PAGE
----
What We’re Reading: Texas Abortion Law Stands; Sackler Family Granted Immunity; Oral COVID-19 Drug Trials Begin

The Supreme Court rules to allow Texas to keep strict abortion law; the family behind Purdue Pharma has been granted immunity from future lawsuits related to the opioid crisis; Pfizer and Merck start trials for oral COVID-19 drugs.

Supreme Court Leaves Texas Abortion Law in Place

The Supreme Court voted 5-4 to deny an emergency appeal to block enforcement of Texas’ strict abortion law after initially refusing to respond before the law went into action, as reported by The Associated Press. However, the justices said that their word likely won’t be the last on whether the law is constitutional, as other challenges are still being made. The law prohibits clinics from performing abortions after a heartbeat can be detected, which is typically around 6 weeks and often before many individuals know they are pregnant. The law also allows for private citizens to sue abortion providers and anyone who helped facilitate an abortion. Chief Justice John Roberts dissented along with associate justices Elena Kagan, Stephen Breyer, and Sonia Sotomayor.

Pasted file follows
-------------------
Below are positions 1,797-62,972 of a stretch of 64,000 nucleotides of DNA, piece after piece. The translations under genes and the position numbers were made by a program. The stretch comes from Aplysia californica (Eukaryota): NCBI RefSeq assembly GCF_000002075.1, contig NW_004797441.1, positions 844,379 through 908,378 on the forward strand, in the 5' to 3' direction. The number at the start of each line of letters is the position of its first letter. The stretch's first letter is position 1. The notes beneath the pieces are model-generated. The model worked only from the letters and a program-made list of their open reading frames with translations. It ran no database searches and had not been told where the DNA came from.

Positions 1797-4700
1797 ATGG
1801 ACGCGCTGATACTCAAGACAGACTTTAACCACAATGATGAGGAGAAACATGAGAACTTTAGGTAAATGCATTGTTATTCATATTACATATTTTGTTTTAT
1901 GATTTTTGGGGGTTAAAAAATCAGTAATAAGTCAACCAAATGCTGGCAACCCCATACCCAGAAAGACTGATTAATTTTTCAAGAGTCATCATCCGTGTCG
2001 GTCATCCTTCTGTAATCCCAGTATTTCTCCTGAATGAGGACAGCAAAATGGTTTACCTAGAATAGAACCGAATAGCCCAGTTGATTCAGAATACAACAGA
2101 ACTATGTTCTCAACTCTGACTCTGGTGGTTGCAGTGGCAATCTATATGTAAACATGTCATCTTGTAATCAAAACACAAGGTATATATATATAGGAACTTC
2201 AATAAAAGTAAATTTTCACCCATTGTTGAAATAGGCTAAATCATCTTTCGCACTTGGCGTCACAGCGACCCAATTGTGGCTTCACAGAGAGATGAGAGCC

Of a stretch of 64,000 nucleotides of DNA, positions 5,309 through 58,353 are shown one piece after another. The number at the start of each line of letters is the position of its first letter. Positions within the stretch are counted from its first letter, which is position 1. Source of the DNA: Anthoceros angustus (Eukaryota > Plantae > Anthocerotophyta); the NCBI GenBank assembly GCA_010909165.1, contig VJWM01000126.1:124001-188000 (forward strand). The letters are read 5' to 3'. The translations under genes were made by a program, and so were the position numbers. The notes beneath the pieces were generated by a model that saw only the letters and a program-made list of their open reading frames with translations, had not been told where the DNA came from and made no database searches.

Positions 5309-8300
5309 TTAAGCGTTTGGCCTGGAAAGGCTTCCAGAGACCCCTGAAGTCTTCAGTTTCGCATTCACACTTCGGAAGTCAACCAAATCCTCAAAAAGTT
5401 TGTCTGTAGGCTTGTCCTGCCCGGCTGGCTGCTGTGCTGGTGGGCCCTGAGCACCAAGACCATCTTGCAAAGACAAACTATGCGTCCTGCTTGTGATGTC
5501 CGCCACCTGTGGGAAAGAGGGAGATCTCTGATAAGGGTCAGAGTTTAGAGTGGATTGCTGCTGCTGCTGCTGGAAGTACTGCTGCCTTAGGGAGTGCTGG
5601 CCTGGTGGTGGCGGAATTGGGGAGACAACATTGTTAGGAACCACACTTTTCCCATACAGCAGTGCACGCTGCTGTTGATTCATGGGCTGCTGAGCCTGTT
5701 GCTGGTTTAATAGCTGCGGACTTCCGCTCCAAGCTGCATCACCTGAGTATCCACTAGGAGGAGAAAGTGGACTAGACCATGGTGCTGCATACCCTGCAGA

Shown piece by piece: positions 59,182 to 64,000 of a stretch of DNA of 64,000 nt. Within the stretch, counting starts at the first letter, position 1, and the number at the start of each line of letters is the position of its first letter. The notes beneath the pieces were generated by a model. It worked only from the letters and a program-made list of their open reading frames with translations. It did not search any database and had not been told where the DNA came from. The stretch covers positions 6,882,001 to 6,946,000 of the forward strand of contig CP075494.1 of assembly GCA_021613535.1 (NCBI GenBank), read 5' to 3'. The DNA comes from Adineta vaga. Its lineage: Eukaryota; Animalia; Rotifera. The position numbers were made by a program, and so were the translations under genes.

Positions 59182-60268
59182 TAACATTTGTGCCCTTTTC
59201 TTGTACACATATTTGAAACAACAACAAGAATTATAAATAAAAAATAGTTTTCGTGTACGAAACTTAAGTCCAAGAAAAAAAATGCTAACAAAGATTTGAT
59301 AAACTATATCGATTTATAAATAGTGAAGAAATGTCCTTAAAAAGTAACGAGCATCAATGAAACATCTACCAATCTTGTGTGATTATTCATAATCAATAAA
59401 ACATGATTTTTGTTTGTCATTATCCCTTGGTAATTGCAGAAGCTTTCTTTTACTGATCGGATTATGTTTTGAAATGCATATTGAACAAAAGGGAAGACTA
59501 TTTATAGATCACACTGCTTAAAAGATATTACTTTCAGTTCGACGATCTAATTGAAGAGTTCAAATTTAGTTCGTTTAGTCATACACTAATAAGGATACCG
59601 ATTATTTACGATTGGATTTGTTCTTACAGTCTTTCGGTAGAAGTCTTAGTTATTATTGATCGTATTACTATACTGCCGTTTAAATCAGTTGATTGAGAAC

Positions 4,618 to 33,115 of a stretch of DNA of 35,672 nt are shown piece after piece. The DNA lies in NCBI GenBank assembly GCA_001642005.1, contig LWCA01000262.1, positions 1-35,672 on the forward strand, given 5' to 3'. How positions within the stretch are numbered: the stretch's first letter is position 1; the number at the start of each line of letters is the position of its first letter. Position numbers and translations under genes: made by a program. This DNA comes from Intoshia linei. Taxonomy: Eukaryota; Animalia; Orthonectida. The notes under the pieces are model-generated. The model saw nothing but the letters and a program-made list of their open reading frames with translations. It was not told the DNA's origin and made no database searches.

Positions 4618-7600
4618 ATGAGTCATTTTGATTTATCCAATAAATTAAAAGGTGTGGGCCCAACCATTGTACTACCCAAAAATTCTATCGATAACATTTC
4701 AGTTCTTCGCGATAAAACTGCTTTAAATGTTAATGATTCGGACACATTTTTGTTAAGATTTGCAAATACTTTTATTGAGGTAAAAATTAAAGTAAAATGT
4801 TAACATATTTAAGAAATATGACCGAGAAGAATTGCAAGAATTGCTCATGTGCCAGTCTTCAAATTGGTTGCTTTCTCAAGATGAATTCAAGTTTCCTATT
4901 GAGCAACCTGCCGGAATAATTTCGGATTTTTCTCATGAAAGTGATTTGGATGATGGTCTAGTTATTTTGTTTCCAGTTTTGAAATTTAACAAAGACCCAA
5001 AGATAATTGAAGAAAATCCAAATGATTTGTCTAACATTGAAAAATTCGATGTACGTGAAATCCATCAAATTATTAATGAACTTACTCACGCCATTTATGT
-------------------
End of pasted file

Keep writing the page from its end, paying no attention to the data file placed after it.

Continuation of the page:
Judge Grants Immunity to Sackler Family in Opioid Suit

A US bankruptcy judge approved a request to shelter members of the Sackler Family, who are behind Purdue Pharma, from future lawsuits related to the sale and promotion of OxyContin (oxycodone), according to a report from STAT News. Purdue is currently wrapped up in a string of lawsuits over the drug and has largely been blamed for the widespread opioid crisis. The Sacklers have also agreed to pay $4.5 billion to settle with people, local governments, and tribal communities harmed by the crisis. Purdue Pharam also will be dissolved into a new trust or public benefit company to harness sales for OxyContin and other medicines toward the overall settlement.

Pfizer, Merck Begin Trials for Oral COVID-19 Drugs

According to Reuters, Pfizer and Merck announced they have begun trials for their experimental oral COVID-19 antiviral drugs. Pfizer said that its latest mid-to-late stage trial will enroll 1140 nonhospitalized patients with COVID-19 who are not at risk of severe illness. Patients will be administered the experimental drug with a low dose of ritonavir, a drug often used in combination treatments for HIV. Merck is testing its drug, molnupiravir, which is designed to prevent COVID-19 transmission among adults in the same household as someone with diagnosed COVID-19. Testing for molnupiravir is currently in late-stage trials.